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May 28th
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Cover Stories

Cover Stories

Health Issue & 11 Tips for for Optimal Health

Health Issue & 11 Tips for  for Optimal Health

It's 2010 Be healthy Already
Fatigued? That's so 2009. It's a new decade.  Time for a new you.  Take note of the following locals who continue to push the envelope in todays heath world.

Inside:
Kicking Ass: Matt Reyes, Cardio Kickboxer, Sweat Factory
Going DeepJaimi Ellison, Santa Cruz CORE Fitness + Rehab
To The Point: Tracy Cone, Pearl Alley Acupuncture
Mobile to Mobile: Levi and Bill Castro, West Coast Mobility
+ local booksellers recommend health books

 

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Cover Stories

Sithan Pat

Sithan Pat

He strives to keep Cambodian heritage alive in Santa Cruz
I sit mesmerized as I watch a young girl tear a hairy leg from a plump tarantula and pop it in her mouth. She happily chews on the crunchy thing, enjoying her afternoon snack. A giggle escapes her lips when she notices my open-mouthed expression, and she extends the bag of deep-fried arachnids toward me. My stomach churns. Should I? Didn’t I travel to the Kingdom of Cambodia precisely to collect exotic experiences such as this one? Despite my internal pep talk, I cannot bring myself to eat a dead spider, let alone pick one up. I politely decline. She shrugs her shoulders and glances away, incredulous that I would turn down such an obvious treat. Suddenly I feel just like Dorothy—absolutely not in “Kansas” anymore.

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Special Publications

Commute Solutions

Commute Solutions

Your resource for sustainable transportation options
Commuting. How often do you find yourself sitting in traffic, blocking out the smell of exhaust and intermittent honking by turning up the radio? This daily adventure has many commuters looking for options. If all drivers cut out one work trip per week, there would be 20 percent less weekday traffic at peak hours. With such a significant reduction in cars on the road, rush hour would be less rushed, saving the planet and endless frustrations.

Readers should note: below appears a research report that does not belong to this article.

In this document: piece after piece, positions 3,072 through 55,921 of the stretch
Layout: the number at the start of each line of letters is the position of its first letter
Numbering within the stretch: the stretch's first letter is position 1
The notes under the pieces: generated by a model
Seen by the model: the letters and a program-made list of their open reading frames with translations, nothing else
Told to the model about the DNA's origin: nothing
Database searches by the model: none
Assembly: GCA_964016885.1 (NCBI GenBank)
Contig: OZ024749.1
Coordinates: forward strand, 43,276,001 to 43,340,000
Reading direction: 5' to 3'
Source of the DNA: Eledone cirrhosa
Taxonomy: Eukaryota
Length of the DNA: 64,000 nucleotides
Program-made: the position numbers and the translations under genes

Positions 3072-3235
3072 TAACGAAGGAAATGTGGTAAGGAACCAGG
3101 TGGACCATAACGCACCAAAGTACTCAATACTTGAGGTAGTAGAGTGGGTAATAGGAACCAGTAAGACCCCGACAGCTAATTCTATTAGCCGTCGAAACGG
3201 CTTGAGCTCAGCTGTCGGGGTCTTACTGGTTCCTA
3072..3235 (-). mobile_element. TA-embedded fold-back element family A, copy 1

There are plenty of reasons to look into commuting options. With gas up to three dollars a gallon again, saving money is critical, considering the current economic downturn. Of course, gas isn’t the only expense that drivers incur. Besides maintenance, insurance, registration fees and the occasional accident, driving costs soar when road repair and environmental factors impacting all taxpayers are considered. Taxes and fees imposed at the pump were only able to cover 64 percent of the $64.6 billion that improvements and repairs cost the U.S. in 2000, according to a report by the U.S. Department of Transportation. This leaves over $23 billion that must be funded by the state and other local sources. [See the online Commuter Resolution pledge or print version]

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Cover Stories

Kick the Habit in 30 Days

Kick the Habit in 30 Days

How to break the addiction to always using cars and embrace the wild array of sustainable transportation options right in front of you Special Publication: Commute Solutions

Addiction: the condition of being addicted to a particular substance, thing, or activity.

As Americans, we often speak of the dangers of addiction to things such as drugs, alcohol and gambling. But what about that nasty habit we’re all guilty of—our addiction to using cars?

It’s a widespread dependency. Santa Cruz County residents, in total, traveled 5,428,740 miles by vehicle every day in 2007, according to the California Department of Transportation, and it’s not showing any sign of slowing. The 2000 census reported 126,106 commuters in Santa Cruz County, but the Association of Monterey Bay Area Government projects that this figure will be 208,750 by the year 2030. That’s an additional 82,644 commuters on our roadways, and an ominous leap in our greenhouse gas (GHG) emissions.

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Special Publications

Bridal Expo & Good Times guide to wedding planning

Bridal Expo & Good Times guide to wedding planning

Tips on wedding planning from:
Cocoanut Grove
Feast for a King Catering
Minister Christine Jones
Heidi Hughett, The Couture House
The Buttery
Monterey Bay Laser Aesthetics
Jewels on Pacific
A Festive Affair

Get the Bridal Expo 2010 insert in this Good Times this week complete with exhibitor map and booth listings

 

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Cover Stories

floral godmother